The Inaugural Paul Priday Lecture in Gender & Cultural Studies – School of Humanities The Inaugural Paul Priday Lecture in Gender & Cultural Studies – School of Humanities

The Inaugural Paul Priday Lecture in Gender & Cultural Studies

The Inaugural Paul Priday Lecture in Gender & Cultural Studies

This lecture series is supported by a donation from Carat, a leading global media agency, with whom Dr Paul Priday and Prof Elspeth Probyn collaborated in setting up training sessions for their employees. These sessions, run in 2014 and 2015, included short talks from several staff and postgraduate students in the Department of Gender and Cultural Studies at the University of Sydney, where Paul was undertaking his PhD at the time. In this series in memory of Paul, we hope to host several annual seminars with leading scholars in the broad areas of gender and cultural studies, and consumption – writ large.

Paul was a role model in his work as an “ad man” embodying the opposite of what Madmen represented. As advertising colleagues said, he was a gentleman as well as a stellar creative across many of the top advertising agencies. Like many in the 1960s and 70s, he worked his way up in the industry without having attended university. Lecturing in the Business School and giving guest lectures to a Gender and Cultural Studies class on Consuming Cultures inspired him to go to school. He quickly did a BA Hons at the University of New England, and then joined GCS for his PhD. Elspeth was lucky enough to supervise Paul’s brilliant multi-sited ethnographic research in three multinational ad agencies – in Sydney, Delhi, and Shanghai. His objective was to find out why women rarely featured in the heady ranks of the creatives – a “manspace” par excellence. He graduated with his doctorate in 2016 shortly before his premature death. With this series we honour his research and most especially his work within the Department to harness what he called “the rocket science” of gender studies for debates beyond the university. Paul’s spirit continues to add to our research culture of intellectual generosity and openness.

The Lecture
Doing cultural studies in rough seas:  The COVID-19 Ocean Multiple

Professor Elspeth Probyn 

This presentation seeks to demonstrate what a cultural studies analysis of the oceanic manifestation of COVID-19 might look like. While the ocean has seemingly remained on the periphery during the ongoing pandemic, the marine has nevertheless been deeply affected as a space of more-than-human connection. As we know, it was at a seafood market (The Huanan Seafood Market) that the first signs of the virus allegedly emerged – an event that propelled the circulation of disgust and racism that was to follow. I take three sites: Botany Bay, Sydney; the Ruby Princess cruise ship; and the effect of COVID-19 on fish supply chains and the lives and livelihoods of fishers especially in the global south. The “conjuncture, the moment we are living through albeit differentially, is profoundly affected, and many query whether life as we know it, including global trade and everyday consumption, will ever be the same. I draw on John Clarke’s argument that ‘tracing the different dynamics and forces that come together to constitute the conjuncture is a substantial challenge’, and Meaghan Morris’ call for site-specific thinking in cultural studies. This is, I argue, a time for messy digging in the swamp of the pandemic if we are to find thin threads of hope for our more-than-human world, and our discipline.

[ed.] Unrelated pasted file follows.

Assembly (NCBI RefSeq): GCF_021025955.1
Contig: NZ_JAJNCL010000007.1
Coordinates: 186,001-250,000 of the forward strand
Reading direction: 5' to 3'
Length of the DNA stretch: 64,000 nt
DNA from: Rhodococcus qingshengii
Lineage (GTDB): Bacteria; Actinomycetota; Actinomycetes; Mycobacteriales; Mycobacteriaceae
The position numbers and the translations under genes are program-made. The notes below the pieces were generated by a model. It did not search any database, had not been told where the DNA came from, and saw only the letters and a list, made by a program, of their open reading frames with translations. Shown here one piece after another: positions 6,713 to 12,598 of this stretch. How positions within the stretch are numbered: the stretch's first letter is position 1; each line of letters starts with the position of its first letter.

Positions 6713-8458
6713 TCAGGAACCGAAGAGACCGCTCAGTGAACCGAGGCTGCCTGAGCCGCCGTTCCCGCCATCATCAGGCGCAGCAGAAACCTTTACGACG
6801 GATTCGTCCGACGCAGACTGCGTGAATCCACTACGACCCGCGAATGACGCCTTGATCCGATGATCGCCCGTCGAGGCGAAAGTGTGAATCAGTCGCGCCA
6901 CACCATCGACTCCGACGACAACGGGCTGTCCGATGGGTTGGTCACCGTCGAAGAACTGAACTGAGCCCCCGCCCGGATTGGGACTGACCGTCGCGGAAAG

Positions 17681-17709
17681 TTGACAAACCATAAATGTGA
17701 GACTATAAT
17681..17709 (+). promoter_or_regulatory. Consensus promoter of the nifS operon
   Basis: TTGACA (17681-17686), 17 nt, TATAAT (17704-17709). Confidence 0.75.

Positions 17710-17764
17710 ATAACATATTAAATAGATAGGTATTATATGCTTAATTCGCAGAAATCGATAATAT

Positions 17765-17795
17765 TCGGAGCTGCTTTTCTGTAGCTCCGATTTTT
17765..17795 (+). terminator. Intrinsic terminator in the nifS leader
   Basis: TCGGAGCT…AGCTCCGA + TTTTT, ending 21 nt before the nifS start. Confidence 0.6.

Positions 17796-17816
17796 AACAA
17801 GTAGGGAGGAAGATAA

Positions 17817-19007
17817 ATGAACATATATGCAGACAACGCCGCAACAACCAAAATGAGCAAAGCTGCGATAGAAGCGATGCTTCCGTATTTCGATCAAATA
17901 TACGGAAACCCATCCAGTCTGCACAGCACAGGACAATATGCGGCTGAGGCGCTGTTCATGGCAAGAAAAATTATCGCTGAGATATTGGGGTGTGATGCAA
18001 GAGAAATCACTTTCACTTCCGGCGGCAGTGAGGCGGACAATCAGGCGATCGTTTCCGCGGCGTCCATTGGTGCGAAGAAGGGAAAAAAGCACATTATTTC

Bio:  Elspeth Probyn FAHA, FASSA is Professor of Gender & Cultural Studies, which she helped to establish at the University of Sydney. She has published several ground-breaking monographs including Sexing the Self (Routledge, 1993), Outside Belongings (Routledge, 1996), Carnal Appetites (Routledge, 2000), Blush: Faces of Shame (Minnesota, 2006), and Eating the Ocean (Duke, 2016). Her current research focuses on fishing as extraction, fish markets as gendered spaces of labour, and anthropocentric oceanic change. She is the co-editor of a new collection, Sustaining Seas: Oceanic Space and the Politics of Care (Rowman & Littlefield, 2020).


Hybrid event | In person or via zoom  Limited seating available.  Registration is essential
When | 26 March 2021 at 4pm – 6pm
Where | Chau Chak Wing Museum – Nelson Meers Auditorium | Zoom



Light refreshments to follow lecture.



Image: Jean-Baptiste Pillement, CC0, via Wikimedia Commons

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The Department of Gender and Cultural Studies is part of the School of Philosophical and Historical Inquiry (SOPHI).


Mar 26 2021


4:00 pm - 6:00 pm


Chau Chak Wing Museum
Chau Chak Wing Museum
Nelson Meers Auditorium


Gender and Cultural Studies
+61 2 9351 2759

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